Summer Camp Blog: Work from Outdoor Poetry and World’s Away: Fantasy Writing

This week on our summer publication blog, we have work from our Outdoor Poetry camp, as well as work from our Worlds Away: Fantasy Writing camp. In this post, you will find work by Hazel Boerner and Lila Stark from Outdoor Poetry and work by Lulu Roarick and Enrique Cox from Worlds Away: Fantasy Writing. The featured image is a map drawn by Dimitri Cox at the fantasy writing camp.

Come back next week to see work from The Imaged Word and A God’s Toolkit: World Building 101.

Forest Battle

by Hazel Boerner

Cynthia staggered down the steep rocky hill leaning to the low stream. Her back right leg dripped with blood. Rocks and sand cut into her leg, making it almost unbearable. But still she got to the cool smooth water. Sweet honeysuckle drifted from the trees nearby. The water washed the blood and the sand away. Cynthia rubbed her other back leg against her hurt leg for the rocks. Then she barely made it home with her still bleeding and broken body.

Unicorn

by Lila Stark

Unicorns are grate

I wonder if they love me !!!

O wait they do 🙂

Lulu - ProseA Revision of Theseus and The Minotaur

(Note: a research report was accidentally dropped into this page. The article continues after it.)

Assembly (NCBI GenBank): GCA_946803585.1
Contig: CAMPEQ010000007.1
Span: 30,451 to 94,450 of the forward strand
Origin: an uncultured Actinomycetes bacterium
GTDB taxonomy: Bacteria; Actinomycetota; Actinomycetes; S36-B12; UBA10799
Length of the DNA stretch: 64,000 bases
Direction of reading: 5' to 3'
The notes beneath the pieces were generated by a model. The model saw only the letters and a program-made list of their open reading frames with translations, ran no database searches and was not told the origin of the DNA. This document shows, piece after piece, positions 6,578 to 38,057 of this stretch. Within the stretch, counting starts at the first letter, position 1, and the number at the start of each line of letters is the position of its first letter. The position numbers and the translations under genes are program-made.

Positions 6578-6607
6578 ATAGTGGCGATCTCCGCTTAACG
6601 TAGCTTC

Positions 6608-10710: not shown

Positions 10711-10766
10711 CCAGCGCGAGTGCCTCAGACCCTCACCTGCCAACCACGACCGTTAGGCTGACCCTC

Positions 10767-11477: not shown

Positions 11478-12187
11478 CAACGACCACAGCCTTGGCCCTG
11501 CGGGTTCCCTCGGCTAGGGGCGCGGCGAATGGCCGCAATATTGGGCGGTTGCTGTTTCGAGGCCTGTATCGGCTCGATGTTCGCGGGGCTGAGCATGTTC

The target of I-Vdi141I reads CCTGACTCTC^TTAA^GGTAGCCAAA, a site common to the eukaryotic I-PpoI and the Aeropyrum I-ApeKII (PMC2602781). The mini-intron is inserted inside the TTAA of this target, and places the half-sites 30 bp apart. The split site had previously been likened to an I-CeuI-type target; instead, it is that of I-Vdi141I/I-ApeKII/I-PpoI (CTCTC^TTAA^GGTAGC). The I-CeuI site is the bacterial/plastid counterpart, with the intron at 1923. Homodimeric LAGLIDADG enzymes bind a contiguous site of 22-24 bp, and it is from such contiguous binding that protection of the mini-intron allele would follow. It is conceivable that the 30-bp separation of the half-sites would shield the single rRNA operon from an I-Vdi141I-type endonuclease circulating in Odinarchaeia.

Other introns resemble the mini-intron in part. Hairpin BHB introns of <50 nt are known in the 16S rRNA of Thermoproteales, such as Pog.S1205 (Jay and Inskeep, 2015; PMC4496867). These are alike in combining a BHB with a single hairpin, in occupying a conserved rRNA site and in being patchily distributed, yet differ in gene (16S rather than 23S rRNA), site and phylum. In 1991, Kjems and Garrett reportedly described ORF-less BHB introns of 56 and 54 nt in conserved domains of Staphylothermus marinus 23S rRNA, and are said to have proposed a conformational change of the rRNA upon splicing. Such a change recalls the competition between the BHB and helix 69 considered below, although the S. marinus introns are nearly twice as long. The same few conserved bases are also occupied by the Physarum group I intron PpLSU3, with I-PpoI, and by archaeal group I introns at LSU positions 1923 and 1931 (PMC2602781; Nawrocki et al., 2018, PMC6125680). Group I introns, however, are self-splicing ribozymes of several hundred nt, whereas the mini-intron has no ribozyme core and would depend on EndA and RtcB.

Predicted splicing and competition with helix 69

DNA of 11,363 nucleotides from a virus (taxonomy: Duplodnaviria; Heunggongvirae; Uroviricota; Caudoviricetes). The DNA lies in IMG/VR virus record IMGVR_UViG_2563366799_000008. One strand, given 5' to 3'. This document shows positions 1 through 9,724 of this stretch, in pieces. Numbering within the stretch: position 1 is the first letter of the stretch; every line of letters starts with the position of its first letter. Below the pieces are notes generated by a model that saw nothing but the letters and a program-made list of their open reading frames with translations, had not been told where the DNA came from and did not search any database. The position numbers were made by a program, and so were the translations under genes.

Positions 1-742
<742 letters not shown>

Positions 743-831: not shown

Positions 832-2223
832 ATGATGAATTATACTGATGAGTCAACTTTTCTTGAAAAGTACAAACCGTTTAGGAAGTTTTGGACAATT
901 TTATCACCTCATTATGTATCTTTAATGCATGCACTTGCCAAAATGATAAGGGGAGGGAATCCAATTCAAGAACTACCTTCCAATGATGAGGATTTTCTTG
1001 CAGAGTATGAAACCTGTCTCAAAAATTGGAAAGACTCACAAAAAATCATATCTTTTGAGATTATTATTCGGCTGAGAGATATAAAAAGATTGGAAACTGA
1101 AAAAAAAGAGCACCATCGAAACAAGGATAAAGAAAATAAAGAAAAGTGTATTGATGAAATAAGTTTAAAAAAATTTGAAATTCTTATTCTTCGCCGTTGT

by Lulu Roarick

Before the Minotaur was a feared monster, a creature to threaten kids into good behavior, he was a cruel businessman. He was a trickster, manipulative. He was an arrogant, and cocky man, whose wealth seemed to grow by the minute. There was only one man standing in his way for the most wealth and power. King Theseus. King Theseus had everything, and he always trumps the Minotaur with his money. So the minotaur attempted to steal the wealth of King Theseus. But the Minotaur was blinded by his own arrogance, he grabbed all the king’s gold, but he was caught.

King Theseus was furious, and as punishment, he turned the cruel Minotaur int half bull and placed him into the unescapable Labryinth. Every year, King Theseus sent the children of families that he hurt with his cruel manipulation ways, and the children were there to seek revenge for their families poverty that the Minotaur inflicted. But the children never came back alive, the Minotaur ate them.

King Theseus covred up the failed attempts at seeking revenge by telling the villages he ruled over that the children were sacrifices, and they did terrible crimes to reach that unfortunate end.

Years later, children were still being sacrificed, and Theseus was tired of it, so since none of the children could kill the Minotaur, he thought he should do it himself.

Theseus followed the group of children down the labryinth, and had a string trailing behind, to lead a trail. He found the Minotaur, and stabbed him in the heart. The Monster had finally been slain.

King Theseus Victorious, lead the children back to the safety of their villages.

Enrique - Art (camera picture)

 

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